Truth is the cornerstone of good writing

Reading an article from an Allen & Unwin newsletter I subscribe to, I came upon the title of this blog post. It struck me as particularly relevant to my writing. I struggle with the truth. Not necessarily with telling it, that’s easy; but telling it to someone, anyone, who reads my writing, that’s difficult. Actually, I’ll rephrase that: it’s frightening to think that my truth may not be that of others.

When I was in year 11, age 16 or 17, I started an English class with a new teacher. Let’s call him Mr P, for the sake of anonymity. This guy was awesome. He was the first teacher that gave me hope that my writing may be worth something, that I actually could write, that it was interesting and worth reading. It’s the most depressing thing in the world to be compelled to write but to think your writing is no good! I don’t know why, but I remember writing a short piece, I can’t even call it a story, about my grandparents and their ‘nicotine-stained hallway’. That phrase sticks out to me, as it was one that Mr P highlighted saying he thought it really worked to paint a vivid picture. To me, it was just fact: my grandparents were chain smokers their whole lives, and not only were their walls stained dirty yellow with the smoke of their constantly-fuming cigarettes, all the spines of their books, photo albums, and even pictures hanging on the wall were discoloured. I was just writing what I knew; and it was perfect.

I didn’t show that piece of writing to my grandparents. In fact, I don’t think I showed it to anyone. How would they feel about my description? And that was only the tip of the iceberg. I began to write about the time we went to the leagues club and my dad and granddad let my grandmother have too much to drink and she couldn’t stand up properly and had to be bundled into the car as she sang some old Beatles song. I was furious with her. I can’t remember what I said exactly, something about her being a disgrace (I must have been about 14 at the time) and I can remember her sitting in the back seat next to me giggling and slurring, “oh, am I drunk?”  That seems something of an amusing anecdote to an outsider, but to anyone in the family, it is fairly confronting because we know that she was an alcoholic. I probably shouldn’t even be admitting that on this blog, but oh well, she’s been dead over ten years now and I don’t have a lot to do with the members of that side of my family who’d be offended, so what the hell, right? Sorry to anyone reading this that is offended; but you know it’s the truth. And you know what an extraordinary woman she was, regardless of her emotional problems. So it’s not worth getting upset about.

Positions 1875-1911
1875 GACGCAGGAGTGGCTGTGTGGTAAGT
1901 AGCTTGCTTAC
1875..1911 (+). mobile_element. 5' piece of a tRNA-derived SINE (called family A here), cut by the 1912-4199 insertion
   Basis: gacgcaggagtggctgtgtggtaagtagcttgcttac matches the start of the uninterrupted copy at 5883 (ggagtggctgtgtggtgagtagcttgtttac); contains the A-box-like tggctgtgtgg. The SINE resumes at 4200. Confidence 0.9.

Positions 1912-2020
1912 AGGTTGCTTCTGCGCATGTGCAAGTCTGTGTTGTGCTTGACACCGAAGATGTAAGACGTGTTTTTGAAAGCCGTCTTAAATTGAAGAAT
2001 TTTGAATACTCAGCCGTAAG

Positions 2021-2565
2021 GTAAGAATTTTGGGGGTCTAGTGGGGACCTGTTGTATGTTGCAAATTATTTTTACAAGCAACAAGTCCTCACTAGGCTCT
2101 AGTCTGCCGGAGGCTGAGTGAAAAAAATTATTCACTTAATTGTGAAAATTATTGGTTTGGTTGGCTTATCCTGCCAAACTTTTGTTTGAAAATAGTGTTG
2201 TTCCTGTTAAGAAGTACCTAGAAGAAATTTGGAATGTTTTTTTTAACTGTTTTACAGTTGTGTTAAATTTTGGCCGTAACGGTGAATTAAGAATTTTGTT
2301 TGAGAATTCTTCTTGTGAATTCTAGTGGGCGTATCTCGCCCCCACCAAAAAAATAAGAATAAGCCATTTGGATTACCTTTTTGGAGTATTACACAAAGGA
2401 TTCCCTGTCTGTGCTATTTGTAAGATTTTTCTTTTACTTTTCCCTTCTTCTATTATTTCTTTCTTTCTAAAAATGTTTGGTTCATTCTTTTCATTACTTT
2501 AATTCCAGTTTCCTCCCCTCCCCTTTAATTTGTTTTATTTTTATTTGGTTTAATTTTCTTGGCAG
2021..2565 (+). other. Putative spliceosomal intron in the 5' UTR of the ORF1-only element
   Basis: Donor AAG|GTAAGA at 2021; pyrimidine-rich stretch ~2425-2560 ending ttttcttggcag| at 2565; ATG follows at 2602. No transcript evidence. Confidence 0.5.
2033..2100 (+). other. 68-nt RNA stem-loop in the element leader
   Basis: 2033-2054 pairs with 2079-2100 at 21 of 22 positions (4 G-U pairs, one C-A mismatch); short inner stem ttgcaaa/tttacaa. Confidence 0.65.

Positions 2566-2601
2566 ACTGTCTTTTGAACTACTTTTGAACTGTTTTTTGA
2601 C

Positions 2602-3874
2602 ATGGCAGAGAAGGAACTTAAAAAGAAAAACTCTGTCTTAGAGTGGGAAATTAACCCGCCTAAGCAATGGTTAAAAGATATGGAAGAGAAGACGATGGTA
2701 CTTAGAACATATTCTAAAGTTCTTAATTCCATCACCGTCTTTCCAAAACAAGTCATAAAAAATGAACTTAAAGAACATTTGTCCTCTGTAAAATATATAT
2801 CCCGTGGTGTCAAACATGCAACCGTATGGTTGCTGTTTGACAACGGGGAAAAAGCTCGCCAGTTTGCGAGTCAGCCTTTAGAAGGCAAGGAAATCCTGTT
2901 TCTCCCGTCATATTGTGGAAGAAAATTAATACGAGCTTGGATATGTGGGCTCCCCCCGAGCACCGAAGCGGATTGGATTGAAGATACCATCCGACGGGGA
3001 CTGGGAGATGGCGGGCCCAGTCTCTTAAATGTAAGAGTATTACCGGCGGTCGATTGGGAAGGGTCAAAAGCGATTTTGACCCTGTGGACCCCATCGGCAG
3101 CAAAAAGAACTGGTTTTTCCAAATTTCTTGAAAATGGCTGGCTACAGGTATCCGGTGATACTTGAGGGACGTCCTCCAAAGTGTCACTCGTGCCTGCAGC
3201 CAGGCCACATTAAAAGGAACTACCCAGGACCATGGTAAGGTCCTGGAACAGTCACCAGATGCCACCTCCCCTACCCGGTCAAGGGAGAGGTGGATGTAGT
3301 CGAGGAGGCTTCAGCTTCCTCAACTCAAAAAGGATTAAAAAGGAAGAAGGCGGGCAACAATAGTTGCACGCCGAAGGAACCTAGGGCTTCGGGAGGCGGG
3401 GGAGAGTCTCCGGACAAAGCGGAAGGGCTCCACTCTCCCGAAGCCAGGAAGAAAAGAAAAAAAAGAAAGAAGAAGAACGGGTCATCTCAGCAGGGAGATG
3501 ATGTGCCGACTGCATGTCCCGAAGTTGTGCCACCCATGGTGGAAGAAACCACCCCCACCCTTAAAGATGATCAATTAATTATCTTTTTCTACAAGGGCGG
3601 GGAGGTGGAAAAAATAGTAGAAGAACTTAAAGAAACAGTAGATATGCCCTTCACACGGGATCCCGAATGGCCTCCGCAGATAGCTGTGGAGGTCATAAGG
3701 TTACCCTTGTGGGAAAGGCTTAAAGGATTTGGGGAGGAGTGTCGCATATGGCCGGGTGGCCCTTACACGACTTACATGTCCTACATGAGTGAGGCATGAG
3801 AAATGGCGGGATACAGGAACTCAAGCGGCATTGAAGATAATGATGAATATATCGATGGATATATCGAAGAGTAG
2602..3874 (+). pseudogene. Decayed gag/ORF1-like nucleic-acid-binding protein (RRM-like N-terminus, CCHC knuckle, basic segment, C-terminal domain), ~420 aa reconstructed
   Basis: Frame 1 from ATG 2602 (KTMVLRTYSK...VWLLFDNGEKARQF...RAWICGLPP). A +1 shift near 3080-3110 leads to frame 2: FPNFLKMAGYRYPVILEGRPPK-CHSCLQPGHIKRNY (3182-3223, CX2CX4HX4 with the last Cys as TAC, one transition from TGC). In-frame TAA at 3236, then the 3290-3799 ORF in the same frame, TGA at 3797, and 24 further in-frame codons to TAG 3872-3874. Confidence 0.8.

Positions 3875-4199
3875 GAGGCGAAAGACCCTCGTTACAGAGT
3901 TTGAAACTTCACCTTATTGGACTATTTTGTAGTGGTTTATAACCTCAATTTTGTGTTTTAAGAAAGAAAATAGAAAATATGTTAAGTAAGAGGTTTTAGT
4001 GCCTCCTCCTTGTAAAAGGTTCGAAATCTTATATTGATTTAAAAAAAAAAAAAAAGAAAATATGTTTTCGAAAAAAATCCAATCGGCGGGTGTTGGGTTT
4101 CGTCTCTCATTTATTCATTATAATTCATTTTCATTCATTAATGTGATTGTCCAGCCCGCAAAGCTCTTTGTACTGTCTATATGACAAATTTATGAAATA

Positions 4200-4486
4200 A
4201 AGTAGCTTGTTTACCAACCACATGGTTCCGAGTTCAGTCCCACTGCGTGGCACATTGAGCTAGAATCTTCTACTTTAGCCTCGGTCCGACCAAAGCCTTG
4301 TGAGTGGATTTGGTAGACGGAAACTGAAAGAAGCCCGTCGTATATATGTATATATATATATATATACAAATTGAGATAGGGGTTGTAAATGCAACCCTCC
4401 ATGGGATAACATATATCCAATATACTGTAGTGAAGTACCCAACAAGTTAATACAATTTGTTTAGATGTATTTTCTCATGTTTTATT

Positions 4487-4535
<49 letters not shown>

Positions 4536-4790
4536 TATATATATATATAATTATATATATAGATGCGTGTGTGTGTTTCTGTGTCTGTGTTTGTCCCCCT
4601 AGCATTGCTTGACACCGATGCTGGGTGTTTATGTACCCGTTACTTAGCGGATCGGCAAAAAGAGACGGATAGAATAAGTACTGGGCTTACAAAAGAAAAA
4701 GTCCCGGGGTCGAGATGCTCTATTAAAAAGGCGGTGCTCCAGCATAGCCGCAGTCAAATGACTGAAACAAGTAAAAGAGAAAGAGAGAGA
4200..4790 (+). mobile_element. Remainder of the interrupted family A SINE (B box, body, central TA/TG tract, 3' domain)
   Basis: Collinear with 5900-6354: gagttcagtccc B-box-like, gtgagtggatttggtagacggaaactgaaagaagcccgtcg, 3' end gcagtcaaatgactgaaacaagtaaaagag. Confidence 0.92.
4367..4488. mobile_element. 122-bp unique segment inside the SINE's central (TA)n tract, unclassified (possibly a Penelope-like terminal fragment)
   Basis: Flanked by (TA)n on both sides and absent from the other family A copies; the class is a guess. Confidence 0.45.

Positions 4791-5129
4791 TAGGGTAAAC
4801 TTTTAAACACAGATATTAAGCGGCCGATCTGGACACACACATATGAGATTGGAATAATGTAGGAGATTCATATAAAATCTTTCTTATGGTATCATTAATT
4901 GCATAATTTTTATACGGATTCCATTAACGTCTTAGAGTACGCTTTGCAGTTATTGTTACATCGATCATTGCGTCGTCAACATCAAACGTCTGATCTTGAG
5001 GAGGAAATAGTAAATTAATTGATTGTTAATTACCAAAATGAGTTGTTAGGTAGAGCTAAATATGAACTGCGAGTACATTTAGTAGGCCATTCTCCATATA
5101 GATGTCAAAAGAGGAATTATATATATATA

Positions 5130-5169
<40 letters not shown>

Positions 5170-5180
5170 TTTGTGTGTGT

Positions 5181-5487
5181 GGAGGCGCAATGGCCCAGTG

Anyway, I guess what I’m trying to get at here is, when is truth okay? When is it okay to strip back the layers for the sake of expression? Is it okay to be raw when it’s cathartic? And where should one draw the line when it comes to revealing others’ painful truths? For me, admitting to my grandmother’s illness is something of a release. I feel as if I’m doing good by being honest; because she found that hard, and that’s understandable, she was ashamed. There’s something about writing about this sort of ‘real’ stuff that infuses the writing with more power. It becomes interesting somehow. Mr P noticed that, and it was he who first explained it to me. I was kind of annoyed when he first told me to write about what I know because prior to that I’d always written fantasy type stuff and that was the antithesis of what I knew. I was like, hang on, how can just writing stuff you know be the answer to writing well? How can it be that easy? I had been told by a previous English teacher that my writing was cliched and I took offence to that. But it was true. Good writing is characterised by its meaningfulness to the writer.

Recently, someone close to me read a post on this blog. She knew it existed but I’d never actually sent her a link. I was proud of the post I’d written, having had some lovely feedback from friends, and I thought she might enjoy it or at least give me some feedback in the same vein. Instead, the opposite happened. She mentioned it had some factual inaccuracies firstly, and secondly she thought I was leaving myself exposed. Apparently ‘people’ are always out to get you, and they use any means by which to bring you down. So you shouldn’t reveal too much of your ‘real’ self publicly. I felt deflated and sad. Once I’d moved past these feelings, I realised I simply didn’t agree. And that was okay.